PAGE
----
- Ketamine-Assisted Psychotherapy (KAP) has roots in the analytic psychology of Carl Jung.
- KAP can be viewed as a type of Jungian dreamwork.
- In common with dreamwork and clinical hypnosis, KAP uses a non-ordinary state of consciousness to heal.
Ketamine’s unique effects make it an ideal companion to psychotherapy. By integrating proven psychotherapeutic techniques into the ketamine experience, we can affect long-term change in a person’s life. The medicine lights the fire by relieving symptoms virtually immediately; the psychotherapy and associated life-style changes keep it burning.
The evolution of psychotherapy has also influenced how we approach Ketamine-Assisted Psychotherapy (KAP). Sigmund Freud coined the term psychoanalysis around the turn of the [last] century. A simple way to understand Freudian psychoanalysis is to picture two levels in the mind: the conscious and the unconscious. The goal of psychoanalysis is to make the unconscious conscious.
Then, Swiss psychiatrist Carl Jung broke away from his elder colleague’s psychoanalysis when he created analytic psychology, which became a foundation of what’s sometimes called depth psychology. Jung believed there was a third level that lies beneath the unconscious: the collective unconscious, containing all the imagery and knowledge every human being is born with. At the time, many of Jung’s scientific-minded colleagues shunned this spiritual or even mystical take on the field of psychology. Some scientists still do today. You’ll probably recognize many of the terms Jung coined, like synchronicity, extraversion, and introversion. One of the most popular personality quizzes, the Myers-Briggs Type Indicator, is based on his work. Jung believed dreams were a vital window into the sub- conscious that could be utilized for deep psychotherapeutic work. The goal of Jungian-based therapy is individuation, a return to the inwardly whole state to reintegrate all parts of ourselves. Ketamine-Assisted Psychotherapy also aims for this wholeness.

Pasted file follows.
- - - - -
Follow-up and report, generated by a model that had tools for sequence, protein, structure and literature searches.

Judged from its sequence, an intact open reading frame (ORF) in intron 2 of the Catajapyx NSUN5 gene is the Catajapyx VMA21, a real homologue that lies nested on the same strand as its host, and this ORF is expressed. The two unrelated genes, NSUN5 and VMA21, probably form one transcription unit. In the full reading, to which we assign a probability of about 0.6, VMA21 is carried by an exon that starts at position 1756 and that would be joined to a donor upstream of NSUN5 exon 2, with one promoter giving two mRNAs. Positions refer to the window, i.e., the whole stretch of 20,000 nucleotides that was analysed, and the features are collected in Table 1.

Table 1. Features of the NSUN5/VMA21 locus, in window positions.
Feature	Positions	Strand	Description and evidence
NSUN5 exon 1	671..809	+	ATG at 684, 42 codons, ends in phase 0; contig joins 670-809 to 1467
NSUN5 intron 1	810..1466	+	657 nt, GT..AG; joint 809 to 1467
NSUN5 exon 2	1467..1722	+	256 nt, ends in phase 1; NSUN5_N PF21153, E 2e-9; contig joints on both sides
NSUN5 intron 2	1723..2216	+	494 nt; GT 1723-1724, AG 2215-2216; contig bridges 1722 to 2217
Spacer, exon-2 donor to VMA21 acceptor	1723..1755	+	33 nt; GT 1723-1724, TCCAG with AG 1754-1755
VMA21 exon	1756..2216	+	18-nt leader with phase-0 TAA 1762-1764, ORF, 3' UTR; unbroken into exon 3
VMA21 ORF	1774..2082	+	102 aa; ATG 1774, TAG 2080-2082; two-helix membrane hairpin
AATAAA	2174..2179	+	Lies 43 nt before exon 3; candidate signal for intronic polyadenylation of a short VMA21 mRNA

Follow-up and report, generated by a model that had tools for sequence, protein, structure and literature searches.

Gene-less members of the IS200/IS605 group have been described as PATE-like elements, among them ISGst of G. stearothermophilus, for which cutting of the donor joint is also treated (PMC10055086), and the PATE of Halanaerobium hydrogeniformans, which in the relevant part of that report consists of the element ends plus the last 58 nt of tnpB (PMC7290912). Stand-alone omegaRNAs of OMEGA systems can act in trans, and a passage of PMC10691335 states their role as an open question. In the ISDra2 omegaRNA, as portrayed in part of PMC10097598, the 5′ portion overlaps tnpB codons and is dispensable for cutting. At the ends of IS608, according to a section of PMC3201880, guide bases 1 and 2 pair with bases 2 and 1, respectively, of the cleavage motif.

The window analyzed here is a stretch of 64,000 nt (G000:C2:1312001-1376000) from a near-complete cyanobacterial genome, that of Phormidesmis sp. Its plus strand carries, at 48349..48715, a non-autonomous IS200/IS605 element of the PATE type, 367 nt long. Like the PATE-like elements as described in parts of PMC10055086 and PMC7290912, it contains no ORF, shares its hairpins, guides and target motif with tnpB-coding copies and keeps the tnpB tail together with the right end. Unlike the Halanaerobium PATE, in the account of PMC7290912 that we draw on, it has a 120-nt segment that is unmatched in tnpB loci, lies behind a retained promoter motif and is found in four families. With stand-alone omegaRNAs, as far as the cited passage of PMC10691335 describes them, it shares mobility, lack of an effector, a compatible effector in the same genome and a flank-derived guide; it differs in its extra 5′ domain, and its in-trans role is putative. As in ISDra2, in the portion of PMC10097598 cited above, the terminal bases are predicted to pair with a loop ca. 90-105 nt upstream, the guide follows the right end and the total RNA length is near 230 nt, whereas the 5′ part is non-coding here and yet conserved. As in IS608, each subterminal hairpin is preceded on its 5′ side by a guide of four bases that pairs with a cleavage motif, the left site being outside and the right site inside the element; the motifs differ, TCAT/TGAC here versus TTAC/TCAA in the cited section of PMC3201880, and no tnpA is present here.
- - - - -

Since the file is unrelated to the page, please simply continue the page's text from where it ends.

In many ways, Jung brought spirituality into the field of mental health. Many of today’s popular psychotherapies integrate the subconscious and/or spiritual within their protocols. Like Jungian therapy, Internal Family Systems (IFS) also conceptualizes different parts of the psyche that can be integrated. Dialectical Behavioral Therapy (DBT), Acceptance and Commitment Therapy (ACT), Mindfulness-Based Stress Reduction (MBSR), and Mindfulness-Based Cognitive Therapy (MBCT) all integrate some type of mindfulness or emphasis on the idea that we all have an inner voice or an inner observer that is our real, authentic self.